Employers on legalizing marijuana

YAKIMA, Wash. -- Making pot legal here in Washington won't only change things from a criminal standpoint, but it could also change things for businesses. Action News found that a lot of them are taking a closer look at their drug testing policies.

There's more to legalizing marijuana in Washington than just the criminal impact. For example, businesses like Matson Fruit Company might have to re-think their drug testing policy on employees.
Do they still screen for pot?

"It really doesn't change things much about the way we do things here at Matson Fruit Co. we have random testing of safety sensitive people and supervisors and we're going to continue to do that," said Daryl Matson, Matson Fruit Company's HR director.

Matson Fruit frequently screens about 80 of almost 300 employees for drugs. The company maintains it's a matter of safety.

"Being close to machinery and being around other people so you don't hurt other people. You're putting them in danger, yourself and others," said Antonio Zuno, a six year employee.

Action News also checked with other big local players about what this means to their policies. The city of Yakima, Yakima transit, ESD 105, businesses and assisted living communities. They all said there are no plans to change their drug testing policies and that they are following federal law that still says pot is illegal.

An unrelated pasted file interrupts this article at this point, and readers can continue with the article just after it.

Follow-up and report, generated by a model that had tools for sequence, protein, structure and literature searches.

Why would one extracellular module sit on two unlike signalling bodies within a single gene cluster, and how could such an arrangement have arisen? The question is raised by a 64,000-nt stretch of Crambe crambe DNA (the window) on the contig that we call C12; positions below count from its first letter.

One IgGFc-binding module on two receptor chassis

Matson says he's now considering testing more employees with I-502 passing and expects other businesses to do the same.

"I think they would have to consider drug testing and testing for marijuana if it's going to be out there it could hurt your safety of your employees and of your workforce. It could be a serious concern-they need to stay alert and on top of this," said Matson.

Employers say even if marijuana is legal, they don't want anyone working who is high.

Washington plans to use 40 percent of the taxes raised from marijuana in the general fund. The rest would go to drug prevention, research, education and health care.